Don’t just reward yourself for the bigger achievements – small rewards for small wins can also be a great way to build up better study habits.

When you complete a successful study session, for example, reward yourself by doing something fun or buying something you’ve been wanting. It’s about creating extra incentives and more motivation for doing what’s necessary.

The anticipation of your reward should give you extra energy to help you achieve your study goal.

As your habits develop, you can raise the bar on treats. You might reward yourself for putting in more hours than normal one week, or getting a project done ahead of time.

Get creative.

12. Take More Useful Notes in Class

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Everybody has their own notation method, and what works best for you will usually be influenced by your learning style. Visual learners, for instance, find using color and different sized headlines more useful than auditory or kinesthetic learners do.

Some general suggestions for creating better notes include:

  • Sit in the center front row taking notes and it becomes almost impossible to not pay attention.
  • Be fully prepared when you arrive in class, with all the pens, paper, and highlighters you need.
  • If you’re an auditory learner, would it be possible to record the lesson or download it online? If not, are there other supporting materials you can get your hands on?
  • “Concentrate on concentrating,” or in other words, make a conscious effort to pay attention to the lesson and completely absorb what’s being communicated. Ask questions to engage when you’re lost.
  • Start each lesson on a new page, with a clear heading showing what the lesson is about and its date.
  • Develop a note-taking technique that best suits your style. If you are a visual learner, draw diagrams that help you understand the material covered. If you are an audio listener, try writing down what you hear.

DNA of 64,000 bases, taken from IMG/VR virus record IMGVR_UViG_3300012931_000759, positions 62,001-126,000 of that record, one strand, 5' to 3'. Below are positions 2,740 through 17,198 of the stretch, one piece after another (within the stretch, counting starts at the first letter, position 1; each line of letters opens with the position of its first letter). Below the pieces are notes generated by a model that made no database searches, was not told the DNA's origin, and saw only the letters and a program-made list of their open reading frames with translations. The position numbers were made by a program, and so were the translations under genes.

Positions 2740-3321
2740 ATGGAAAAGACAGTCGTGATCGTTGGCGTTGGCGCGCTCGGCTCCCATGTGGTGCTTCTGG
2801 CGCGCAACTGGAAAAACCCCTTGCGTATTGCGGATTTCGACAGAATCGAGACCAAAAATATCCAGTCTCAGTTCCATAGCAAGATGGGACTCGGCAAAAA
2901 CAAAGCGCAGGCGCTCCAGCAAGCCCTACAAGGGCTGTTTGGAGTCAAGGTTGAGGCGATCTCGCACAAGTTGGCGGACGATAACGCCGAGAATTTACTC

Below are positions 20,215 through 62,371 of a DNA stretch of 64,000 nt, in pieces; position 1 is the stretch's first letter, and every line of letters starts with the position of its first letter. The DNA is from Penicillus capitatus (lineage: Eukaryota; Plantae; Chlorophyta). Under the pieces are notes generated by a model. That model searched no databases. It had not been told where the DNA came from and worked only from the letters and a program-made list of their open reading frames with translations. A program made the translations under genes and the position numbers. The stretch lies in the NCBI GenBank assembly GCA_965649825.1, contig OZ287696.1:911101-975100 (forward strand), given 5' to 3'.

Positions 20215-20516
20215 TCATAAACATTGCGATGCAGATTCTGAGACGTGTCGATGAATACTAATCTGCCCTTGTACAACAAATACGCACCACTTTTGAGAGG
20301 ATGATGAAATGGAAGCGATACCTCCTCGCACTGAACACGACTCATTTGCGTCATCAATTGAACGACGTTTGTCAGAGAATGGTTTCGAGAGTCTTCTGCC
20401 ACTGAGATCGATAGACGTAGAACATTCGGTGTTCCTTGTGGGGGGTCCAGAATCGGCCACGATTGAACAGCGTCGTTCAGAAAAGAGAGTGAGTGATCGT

• Avoid writing in full sentences. Use bullet points, abbreviations, and symbols for quicker note-taking.
  • When possible, convert ideas into your own words when writing them down.

13. Review Notes While the Info is Still Fresh In Your Mind

Take time after class or before study sessions to review, edit and organize your notes.

When I was in college, I even scheduled large blocks of free time between classes and used that time to study in the library right after lectures. I’d jump right into the homework immediately or go through my notes.

Libraries are a perfect blend of dynamic activity and busy students, so the mood is just right. And this “college hack” allowed me to arrive home every night homework-free and still get straight A’s.

If you’re a kinesthetic learner look for practical opportunities to “practice” the material if possible.

14. Condense or Rewrite Notes to Maximize Learning

Take note reviews one step further and start organizing and condensing what you’ve got down. I would often completely rewrite them in my library sessions.

Whether it’s a simple outline or a set of flashcards, redoing or prettying up your notes will save you a ton of time and headache when exam day arrives.

Instead of frantically flipping through your textbook, your personal cliffNotes will make for a lighter bag and a much more relaxed mind.

And rewriting everything a second time really sinks it in.

15. Practice Active Recall While Studying

Reviewing something when you’ve got the luxury of looking down at your notes is not the same thing as remembering. 

When you’re on the spot without your materials, you need a whole other level of familiarity, and you don’t want to leave it to chance.

Try deliberately working on your active recall

When learning something new, just close your eyes and try to recall a fact or concept from memory. Carry around flash cards and constantly test yourself during free moments.

Your goal is to test yourself on it again and again until it sticks in your long-term memory.

16. Tap Into the Power of Mnemonics (Memory Tricks)

Mnemonic devices are a fancy word for memory techniques designed to simplify things and link them in the brain for easy retrieval.

These work exceptionally well for auditory learners.

For example, acronyms.

Just take the first letter of each word in a list and string them together. “Roy G. Biv” becomes a neat little acronym to help remember the colors of the rainbow (Red, Orange, Yellow, Green, Blue, Indigo, and Violet).